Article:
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Government urged to replace Recovery Loan Scheme

Author: ICAEW Insights

Published: 14 Jul 2022

Access to finance is needed as economic factors including growing inflation, rising fuel and raw materials costs, and wage inflation are in danger of pushing many businesses to breaking point.

The government has been urged by ICAEW and business groups to consider a revised version of the Recovery Loan Scheme following concerns about the detrimental impact of geopolitical and macroeconomic factors on UK businesses.

A government flagship business loan scheme that helped thousands of businesses cope during the COVID-19 pandemic came to an end on 30 June. It opened to applications on 6 April 2021 to help businesses cope with the large amount of trade lost to the pandemic, with the government promising lenders it would guarantee 80% of loans in the case of a default on payments.

Figures from the British Business Bank, which administered the scheme, show that the scheme had offered £1.06bn to businesses with a turnover below £45m through almost 6,200 facilities. Lending data for the period to 30 June are due to be published on 19 July.

The banking sector maintains that despite widespread uncertainty, loan books are holding up well and the rates of default on the emergency loans – CBILS loans and Bounce Back loans – were rather lower than modelling exercises had predicted.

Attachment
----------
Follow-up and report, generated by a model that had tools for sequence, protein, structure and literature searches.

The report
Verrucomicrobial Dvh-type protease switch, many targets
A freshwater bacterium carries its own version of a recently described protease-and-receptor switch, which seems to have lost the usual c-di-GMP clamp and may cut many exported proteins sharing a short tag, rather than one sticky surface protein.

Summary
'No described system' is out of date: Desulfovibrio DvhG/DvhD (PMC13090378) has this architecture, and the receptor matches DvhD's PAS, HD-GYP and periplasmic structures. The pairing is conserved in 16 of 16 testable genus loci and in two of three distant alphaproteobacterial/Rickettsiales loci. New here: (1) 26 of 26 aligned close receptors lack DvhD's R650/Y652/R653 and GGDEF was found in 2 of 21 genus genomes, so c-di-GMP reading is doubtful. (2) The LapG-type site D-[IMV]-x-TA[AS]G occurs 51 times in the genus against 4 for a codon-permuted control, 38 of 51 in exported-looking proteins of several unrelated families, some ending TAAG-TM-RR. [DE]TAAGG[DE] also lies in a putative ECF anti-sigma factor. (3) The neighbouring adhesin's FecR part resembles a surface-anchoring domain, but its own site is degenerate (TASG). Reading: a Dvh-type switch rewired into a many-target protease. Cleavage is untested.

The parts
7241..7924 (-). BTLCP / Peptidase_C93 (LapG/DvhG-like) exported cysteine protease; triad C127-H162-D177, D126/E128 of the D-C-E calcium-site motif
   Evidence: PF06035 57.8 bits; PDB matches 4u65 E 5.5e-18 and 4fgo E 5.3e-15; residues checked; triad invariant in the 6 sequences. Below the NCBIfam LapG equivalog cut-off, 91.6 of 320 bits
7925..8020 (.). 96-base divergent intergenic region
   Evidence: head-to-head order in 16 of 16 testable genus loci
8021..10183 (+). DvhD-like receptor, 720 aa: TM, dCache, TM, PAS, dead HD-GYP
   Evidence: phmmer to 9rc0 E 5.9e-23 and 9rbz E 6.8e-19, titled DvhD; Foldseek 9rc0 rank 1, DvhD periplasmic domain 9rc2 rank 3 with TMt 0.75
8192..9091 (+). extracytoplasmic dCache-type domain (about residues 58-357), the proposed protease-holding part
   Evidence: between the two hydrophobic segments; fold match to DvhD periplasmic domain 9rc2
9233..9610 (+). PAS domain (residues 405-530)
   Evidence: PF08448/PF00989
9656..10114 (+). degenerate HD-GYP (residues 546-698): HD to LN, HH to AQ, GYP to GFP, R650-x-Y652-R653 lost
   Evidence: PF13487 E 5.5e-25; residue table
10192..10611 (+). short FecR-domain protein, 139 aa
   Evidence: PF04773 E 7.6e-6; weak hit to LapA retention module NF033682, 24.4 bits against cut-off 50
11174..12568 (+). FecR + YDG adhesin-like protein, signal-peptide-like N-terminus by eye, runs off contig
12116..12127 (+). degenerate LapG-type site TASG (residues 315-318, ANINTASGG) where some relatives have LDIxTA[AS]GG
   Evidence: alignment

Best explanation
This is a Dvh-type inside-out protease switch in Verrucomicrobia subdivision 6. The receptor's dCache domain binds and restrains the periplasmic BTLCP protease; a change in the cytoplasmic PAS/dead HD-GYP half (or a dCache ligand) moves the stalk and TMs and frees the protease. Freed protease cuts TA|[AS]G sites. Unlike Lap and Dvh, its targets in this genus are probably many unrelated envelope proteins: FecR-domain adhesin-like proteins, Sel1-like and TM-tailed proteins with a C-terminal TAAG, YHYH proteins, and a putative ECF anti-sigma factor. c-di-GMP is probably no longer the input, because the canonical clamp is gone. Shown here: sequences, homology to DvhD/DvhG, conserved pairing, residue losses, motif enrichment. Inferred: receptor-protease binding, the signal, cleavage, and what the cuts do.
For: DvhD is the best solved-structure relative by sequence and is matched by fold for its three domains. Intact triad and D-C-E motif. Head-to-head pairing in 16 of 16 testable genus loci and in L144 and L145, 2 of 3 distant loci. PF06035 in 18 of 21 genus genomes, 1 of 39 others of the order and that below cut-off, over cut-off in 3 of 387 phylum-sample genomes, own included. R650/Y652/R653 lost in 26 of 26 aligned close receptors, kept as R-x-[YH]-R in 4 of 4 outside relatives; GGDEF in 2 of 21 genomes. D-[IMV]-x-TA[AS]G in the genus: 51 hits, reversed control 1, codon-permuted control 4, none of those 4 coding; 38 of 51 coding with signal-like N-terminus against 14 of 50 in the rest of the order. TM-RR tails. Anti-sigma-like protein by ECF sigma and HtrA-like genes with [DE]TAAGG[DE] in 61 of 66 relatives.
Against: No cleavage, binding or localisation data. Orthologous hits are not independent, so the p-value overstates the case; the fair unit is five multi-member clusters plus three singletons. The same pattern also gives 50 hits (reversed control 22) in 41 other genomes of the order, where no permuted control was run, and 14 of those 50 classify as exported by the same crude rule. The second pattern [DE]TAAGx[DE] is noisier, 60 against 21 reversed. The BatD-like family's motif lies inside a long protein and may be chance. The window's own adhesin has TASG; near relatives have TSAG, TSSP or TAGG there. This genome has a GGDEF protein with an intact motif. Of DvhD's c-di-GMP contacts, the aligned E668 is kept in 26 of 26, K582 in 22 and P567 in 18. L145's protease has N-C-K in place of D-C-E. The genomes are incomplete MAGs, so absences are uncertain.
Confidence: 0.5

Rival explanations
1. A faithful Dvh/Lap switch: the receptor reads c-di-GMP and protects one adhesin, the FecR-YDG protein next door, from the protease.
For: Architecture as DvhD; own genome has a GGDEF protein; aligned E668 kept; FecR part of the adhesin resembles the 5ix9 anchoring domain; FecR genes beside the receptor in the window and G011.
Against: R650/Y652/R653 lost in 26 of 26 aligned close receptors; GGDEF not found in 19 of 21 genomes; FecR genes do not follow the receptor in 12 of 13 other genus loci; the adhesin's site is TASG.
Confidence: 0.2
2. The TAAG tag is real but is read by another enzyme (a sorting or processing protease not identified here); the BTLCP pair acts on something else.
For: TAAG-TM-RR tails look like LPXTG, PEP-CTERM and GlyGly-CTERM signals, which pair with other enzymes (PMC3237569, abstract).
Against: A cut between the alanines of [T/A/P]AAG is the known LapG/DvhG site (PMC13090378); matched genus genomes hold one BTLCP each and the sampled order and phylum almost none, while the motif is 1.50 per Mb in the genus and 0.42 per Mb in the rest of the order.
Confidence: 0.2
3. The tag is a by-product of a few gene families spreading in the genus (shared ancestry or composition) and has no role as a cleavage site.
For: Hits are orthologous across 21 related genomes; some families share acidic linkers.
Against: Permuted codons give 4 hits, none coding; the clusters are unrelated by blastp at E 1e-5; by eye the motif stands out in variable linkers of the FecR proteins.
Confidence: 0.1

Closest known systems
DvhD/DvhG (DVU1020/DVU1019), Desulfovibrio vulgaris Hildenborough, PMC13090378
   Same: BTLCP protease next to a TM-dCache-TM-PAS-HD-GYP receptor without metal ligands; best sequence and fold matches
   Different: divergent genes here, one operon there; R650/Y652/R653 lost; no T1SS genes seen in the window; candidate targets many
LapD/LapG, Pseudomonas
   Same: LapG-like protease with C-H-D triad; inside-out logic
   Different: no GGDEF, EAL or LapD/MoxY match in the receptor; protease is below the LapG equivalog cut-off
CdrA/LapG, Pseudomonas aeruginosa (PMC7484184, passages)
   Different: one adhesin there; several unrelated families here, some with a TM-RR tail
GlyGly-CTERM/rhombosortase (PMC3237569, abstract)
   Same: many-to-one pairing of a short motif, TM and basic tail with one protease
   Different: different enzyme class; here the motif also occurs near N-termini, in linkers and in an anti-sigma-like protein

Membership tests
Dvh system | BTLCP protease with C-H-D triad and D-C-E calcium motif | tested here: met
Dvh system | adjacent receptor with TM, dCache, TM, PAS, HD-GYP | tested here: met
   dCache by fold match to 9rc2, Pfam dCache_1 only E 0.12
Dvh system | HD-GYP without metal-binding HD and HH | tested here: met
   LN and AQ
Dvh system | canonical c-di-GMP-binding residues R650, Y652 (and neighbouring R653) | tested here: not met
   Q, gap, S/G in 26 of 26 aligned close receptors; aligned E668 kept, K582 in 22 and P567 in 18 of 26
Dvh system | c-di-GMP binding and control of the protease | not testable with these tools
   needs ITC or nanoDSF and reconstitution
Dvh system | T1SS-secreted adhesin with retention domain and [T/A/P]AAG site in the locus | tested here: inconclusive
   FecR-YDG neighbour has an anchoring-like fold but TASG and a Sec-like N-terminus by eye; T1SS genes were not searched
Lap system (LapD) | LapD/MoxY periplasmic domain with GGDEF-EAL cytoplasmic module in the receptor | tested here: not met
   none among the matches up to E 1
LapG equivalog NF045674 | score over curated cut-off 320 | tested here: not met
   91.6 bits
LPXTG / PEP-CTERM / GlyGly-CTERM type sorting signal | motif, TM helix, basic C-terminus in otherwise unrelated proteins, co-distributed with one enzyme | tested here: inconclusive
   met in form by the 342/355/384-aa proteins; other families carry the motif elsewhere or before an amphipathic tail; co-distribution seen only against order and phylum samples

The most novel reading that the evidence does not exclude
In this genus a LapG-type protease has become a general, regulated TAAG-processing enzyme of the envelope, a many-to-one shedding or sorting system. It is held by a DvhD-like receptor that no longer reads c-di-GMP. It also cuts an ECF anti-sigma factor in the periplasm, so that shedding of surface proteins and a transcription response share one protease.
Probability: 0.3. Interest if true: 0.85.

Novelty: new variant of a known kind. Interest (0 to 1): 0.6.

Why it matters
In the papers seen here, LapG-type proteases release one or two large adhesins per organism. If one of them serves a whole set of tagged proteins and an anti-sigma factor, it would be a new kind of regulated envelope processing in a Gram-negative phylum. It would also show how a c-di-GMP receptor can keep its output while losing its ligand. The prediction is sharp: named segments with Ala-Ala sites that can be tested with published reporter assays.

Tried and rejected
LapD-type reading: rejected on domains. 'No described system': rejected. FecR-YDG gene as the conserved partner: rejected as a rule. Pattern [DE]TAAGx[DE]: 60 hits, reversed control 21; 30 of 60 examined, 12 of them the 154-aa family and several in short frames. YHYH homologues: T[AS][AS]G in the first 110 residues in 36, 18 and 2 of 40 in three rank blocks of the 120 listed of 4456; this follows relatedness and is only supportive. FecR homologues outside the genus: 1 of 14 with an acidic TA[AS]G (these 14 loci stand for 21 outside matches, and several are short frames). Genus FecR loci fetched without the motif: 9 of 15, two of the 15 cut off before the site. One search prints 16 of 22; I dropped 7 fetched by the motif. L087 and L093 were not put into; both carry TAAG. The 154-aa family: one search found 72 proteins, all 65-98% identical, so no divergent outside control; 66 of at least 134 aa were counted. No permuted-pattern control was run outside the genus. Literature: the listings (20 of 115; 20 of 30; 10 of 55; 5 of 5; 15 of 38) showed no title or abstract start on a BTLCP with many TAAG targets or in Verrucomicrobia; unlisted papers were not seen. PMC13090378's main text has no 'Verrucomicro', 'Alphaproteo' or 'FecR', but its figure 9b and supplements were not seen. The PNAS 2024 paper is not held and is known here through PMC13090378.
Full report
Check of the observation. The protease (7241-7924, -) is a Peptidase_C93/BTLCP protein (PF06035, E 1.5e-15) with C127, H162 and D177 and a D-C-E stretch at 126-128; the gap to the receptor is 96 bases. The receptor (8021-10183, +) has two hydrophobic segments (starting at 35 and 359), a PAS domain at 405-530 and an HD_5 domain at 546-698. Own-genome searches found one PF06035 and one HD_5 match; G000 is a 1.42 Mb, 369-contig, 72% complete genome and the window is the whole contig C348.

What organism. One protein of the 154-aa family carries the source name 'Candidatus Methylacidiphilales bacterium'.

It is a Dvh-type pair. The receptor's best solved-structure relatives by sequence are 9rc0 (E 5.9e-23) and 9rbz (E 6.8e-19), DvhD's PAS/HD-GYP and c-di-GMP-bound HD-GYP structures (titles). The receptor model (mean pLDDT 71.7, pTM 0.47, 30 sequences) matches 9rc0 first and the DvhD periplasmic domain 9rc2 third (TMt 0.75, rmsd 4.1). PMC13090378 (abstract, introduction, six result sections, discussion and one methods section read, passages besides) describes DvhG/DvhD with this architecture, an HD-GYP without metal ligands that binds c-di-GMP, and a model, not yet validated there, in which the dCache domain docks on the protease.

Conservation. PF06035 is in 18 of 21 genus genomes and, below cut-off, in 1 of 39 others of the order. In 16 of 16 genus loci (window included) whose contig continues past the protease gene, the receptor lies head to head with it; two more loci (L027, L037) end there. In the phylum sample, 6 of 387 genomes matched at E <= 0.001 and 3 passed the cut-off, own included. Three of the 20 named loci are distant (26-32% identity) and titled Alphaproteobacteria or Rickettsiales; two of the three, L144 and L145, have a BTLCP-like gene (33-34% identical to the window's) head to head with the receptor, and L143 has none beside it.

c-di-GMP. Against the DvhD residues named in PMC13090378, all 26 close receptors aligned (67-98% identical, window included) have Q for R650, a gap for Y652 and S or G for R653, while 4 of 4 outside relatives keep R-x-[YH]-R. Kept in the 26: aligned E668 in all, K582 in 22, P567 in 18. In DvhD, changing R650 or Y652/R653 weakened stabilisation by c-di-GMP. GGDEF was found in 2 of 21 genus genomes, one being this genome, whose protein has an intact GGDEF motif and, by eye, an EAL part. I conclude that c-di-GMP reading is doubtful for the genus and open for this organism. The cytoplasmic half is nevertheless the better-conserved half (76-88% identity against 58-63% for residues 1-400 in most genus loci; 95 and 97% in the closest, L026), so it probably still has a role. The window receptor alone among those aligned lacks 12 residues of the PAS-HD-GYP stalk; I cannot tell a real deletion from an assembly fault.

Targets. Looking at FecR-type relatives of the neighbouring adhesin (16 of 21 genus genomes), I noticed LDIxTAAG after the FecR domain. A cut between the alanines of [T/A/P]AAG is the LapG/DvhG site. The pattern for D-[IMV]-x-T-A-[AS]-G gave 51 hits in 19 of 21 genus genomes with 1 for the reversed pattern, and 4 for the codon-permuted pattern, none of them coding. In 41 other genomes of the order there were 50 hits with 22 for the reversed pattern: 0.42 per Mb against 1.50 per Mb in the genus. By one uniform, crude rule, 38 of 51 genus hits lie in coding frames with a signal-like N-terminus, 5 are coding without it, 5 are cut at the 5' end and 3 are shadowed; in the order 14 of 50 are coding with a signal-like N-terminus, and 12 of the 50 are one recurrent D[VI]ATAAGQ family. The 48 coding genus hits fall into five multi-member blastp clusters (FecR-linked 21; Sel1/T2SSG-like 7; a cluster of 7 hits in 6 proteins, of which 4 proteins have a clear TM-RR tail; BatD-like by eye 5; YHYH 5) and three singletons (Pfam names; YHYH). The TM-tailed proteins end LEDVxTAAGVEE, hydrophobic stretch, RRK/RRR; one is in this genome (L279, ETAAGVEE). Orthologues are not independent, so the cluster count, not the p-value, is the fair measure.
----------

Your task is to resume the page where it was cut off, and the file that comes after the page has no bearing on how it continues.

However, concerns are rife that business confidence is waning and economic factors including growing inflation, rising fuel and raw materials costs, wage inflation aggravated by the shortage of talent in many sectors, and logistical issues associated with importing and exporting are in danger of pushing many businesses to breaking point.

The government is aware that access to finance is an issue for businesses and the market has become used to the availability of finance on beneficial terms. While the Recovery Loan Scheme was extended by six months to the end of June this year, concerns about the impact of shutting off the emergency measures as businesses face a difficult economic environment are prompting a rethink. 

David Petrie, ICAEW’s Head of Corporate Finance said: “We’ve been providing expert advice about a potential revision and improvements to the Recovery Loan Scheme. Despite news from the ONS that the UK economy grew by 0.5% in May, it’s increasingly clear that a lot of businesses are struggling with a barrage of rising costs. And while so far that’s not resulting in loan defaults to the extent that some commentators had predicted, as far as the banks are concerned, that may be only a matter of time.”

The new scheme being considered would likely be similar to the original Recovery Loan Scheme, but with some revisions to the terms and conditions, in an attempt to bolster those businesses requiring additional capital for growth. 

At the same time, ways to open up access to equity finance market are also being touted by the government, and ICAEW has already responded to a Treasury consultation on the state of the UK’s venture capital industry launched by former Chancellor Rishi Sunak in April this year. 

In its response, ICAEW has said that, broadly speaking, it is in favour of keeping VCT and EIS as they are. However, it disagrees with the idea of turning them into retail investment products, or to raise money through pension funds to go into high-risk, early-stage equity investment. “That's a mismatch between risk and return profiles,” Petrie warned. “We believe that VCT and EIS schemes should be retained, alongside other initiatives and measures, as they’re an efficient and cost-effective plug to what would otherwise be a very significant finance gap.”

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